Stolen By A Sinner: Chapter 10


I’m up at the crack of dawn after a restless night of tossing and turning.

When I’m done showering, I check the lashes on my back, glad to see they’re healing and not infected. Still, they’ll leave horrible marks.

Yesterday Nisa brought me the softest towels, the same peach color as the bedding. She also brought me shampoo, conditioner, a brush, and hair ties. There are products I’ve never used or had access to before.

It feels wrong, though. Like I shouldn’t have these luxuries.

While I wonder if it’s too early to get to work, I also think about everything that happened during the past eight days.

It’s surreal.

Not once have we had stew here, and the food is delicious. It’s like there’s an explosion of tastes in my mouth during every meal.

Last night we sat at a table in a quaint little room filled with potted plants. I didn’t have to shove the food down as fast as possible while standing by the sink.

Also, Nisa and Murat have actually been nice to me. No one barks orders at me. The atmosphere in the house is pleasant and not filled with tension.

But all of this makes the apprehension grow in my chest.

It’s not what I’m used to, and it’s making me feel emotions I’ve never felt before.

Just do your best.

Keep your guard up and your head down.

Bey for mister. Hanin for miss. Evet for yes.

I go over the Turkish words I learned yesterday so I won’t forget them.

I take five minutes to squash all the new emotions down and to gather the strength for the day ahead.

Today I’m wearing a pale yellow dress with a light brown pattern. The flat shoes are comfortable, unlike the pumps I used to wear.

I noticed Nisa doesn’t wear a maid’s uniform, and I wonder if that means I won’t be wearing one as well.

There’s a lot I wonder about, but not wanting to overstep any boundaries, I keep the questions to myself.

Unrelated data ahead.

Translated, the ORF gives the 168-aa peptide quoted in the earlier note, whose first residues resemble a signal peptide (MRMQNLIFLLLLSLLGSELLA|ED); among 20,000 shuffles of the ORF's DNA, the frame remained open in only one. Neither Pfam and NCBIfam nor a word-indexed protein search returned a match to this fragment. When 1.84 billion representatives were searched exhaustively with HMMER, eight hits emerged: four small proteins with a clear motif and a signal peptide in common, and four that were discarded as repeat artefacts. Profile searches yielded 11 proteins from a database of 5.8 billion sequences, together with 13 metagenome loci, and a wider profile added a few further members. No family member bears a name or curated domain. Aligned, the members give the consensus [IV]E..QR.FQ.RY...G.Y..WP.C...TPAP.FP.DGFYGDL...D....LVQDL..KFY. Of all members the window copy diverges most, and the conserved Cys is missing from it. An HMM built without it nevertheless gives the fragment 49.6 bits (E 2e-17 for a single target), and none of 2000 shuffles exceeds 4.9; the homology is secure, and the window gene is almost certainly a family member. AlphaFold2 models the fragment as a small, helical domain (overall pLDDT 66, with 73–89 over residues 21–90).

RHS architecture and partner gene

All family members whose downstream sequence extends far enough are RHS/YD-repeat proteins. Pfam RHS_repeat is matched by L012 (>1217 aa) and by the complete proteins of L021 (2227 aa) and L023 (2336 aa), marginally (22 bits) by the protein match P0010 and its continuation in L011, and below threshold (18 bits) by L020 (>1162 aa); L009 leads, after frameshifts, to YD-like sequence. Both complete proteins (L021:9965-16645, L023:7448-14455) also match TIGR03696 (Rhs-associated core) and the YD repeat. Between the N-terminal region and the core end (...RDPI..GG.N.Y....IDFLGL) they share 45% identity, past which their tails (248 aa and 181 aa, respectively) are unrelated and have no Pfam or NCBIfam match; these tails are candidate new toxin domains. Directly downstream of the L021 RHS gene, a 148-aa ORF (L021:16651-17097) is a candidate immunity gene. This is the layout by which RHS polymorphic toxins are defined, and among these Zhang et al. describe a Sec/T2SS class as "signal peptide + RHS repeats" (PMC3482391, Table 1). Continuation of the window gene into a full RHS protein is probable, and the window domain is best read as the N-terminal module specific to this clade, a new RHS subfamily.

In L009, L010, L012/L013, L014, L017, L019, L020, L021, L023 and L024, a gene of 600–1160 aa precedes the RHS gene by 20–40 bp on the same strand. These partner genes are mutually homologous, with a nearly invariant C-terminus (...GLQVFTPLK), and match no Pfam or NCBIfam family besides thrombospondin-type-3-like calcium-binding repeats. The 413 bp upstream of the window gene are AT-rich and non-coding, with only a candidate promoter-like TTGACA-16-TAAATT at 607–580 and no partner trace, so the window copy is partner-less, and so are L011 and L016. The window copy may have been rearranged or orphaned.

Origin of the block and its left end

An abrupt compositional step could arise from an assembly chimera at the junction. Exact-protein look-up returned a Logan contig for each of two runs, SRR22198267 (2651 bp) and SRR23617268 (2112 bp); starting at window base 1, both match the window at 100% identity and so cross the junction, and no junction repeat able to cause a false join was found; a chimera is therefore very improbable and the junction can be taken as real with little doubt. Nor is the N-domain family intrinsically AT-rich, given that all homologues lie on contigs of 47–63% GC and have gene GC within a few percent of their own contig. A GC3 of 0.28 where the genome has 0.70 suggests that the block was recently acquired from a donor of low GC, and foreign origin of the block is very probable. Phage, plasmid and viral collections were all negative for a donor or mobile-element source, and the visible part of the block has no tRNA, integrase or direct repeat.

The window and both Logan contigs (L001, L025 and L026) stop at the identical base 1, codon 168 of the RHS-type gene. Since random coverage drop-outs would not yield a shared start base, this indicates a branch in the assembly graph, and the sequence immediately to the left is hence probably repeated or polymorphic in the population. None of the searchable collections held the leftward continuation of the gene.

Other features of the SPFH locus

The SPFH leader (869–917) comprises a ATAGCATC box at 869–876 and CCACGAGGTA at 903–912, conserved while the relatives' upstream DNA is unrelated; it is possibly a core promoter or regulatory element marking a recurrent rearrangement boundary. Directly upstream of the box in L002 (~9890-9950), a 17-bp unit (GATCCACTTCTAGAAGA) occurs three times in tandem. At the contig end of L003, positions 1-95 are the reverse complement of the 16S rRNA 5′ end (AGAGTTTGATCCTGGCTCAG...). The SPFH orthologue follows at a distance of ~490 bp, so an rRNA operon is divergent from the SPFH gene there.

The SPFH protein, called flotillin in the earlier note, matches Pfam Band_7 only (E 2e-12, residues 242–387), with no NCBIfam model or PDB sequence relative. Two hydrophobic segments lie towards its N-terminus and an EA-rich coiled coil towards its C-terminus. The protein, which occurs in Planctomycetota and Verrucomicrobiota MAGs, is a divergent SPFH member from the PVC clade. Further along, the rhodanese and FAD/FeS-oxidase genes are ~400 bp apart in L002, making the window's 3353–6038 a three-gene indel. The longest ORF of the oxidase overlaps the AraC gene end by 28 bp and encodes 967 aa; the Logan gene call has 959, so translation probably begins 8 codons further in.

Walking to the window, I glance outside and notice the sun’s rays are just starting to break through the darkness.

It must be past five o’clock already.

Not wanting to be late, I make sure every strand of my hair is neatly tucked into the bun before walking to the door.

Now that I have hair ties, I can maybe braid my hair like Nisa’s. Tomorrow, though. There’s no time for that now.

It’s still hard to believe I don’t have to share my sleeping space with anyone. Or a bathroom.

It’s too good to be true, which means this could be a trap of some kind. Maybe Gabriel is hoping I’ll let my guard down, and I’ll give him information on Tymon.

If only he knew I don’t know anything of worth. Not once have I lied to him.

Feeling tense and unsure in the foreign house, I cautiously open the door and peek up and down the hallway. There’s no sign of Murat.

Can I leave the room without Murat?


I don’t know what to do, and I really don’t want to be late for my first day of work.

With my hand clutching the doorknob, I worry about what to do.

Do I wait?

Do I go to the kitchen and get to work?

This is so hard.

A door opens to my left, and when Nisa steps into the hallway, I almost let out an audible sigh of relief.

She notices me and says, “You’re up early. Let’s have some tea.”

Still hesitant, I ask, “Is it okay if I leave the room without Murat Bey?”

“Tsk.” She gestures for me to come. “As long as you’re with me, it’s okay. Just don’t wander around alone.”

That’s good to know.

I follow Nisa to the kitchen. While she opens the backdoor, I fill the teapot with water so it can boil. I peek into all the cupboards again to refresh my memory of where everything goes.

There’s even a dishwasher.

Last night it was weird loading all the dirty dishes into it and not washing them by hand.

Moving closer to the dishwasher, I ask, “Do I just open the machine to unload the dishes?”

Evet,” Nisa murmurs.

I watch as she takes various ingredients from the pantry and fridge. Opening the dishwasher, I get to work.

Honestly, I’m surprised everything is clean.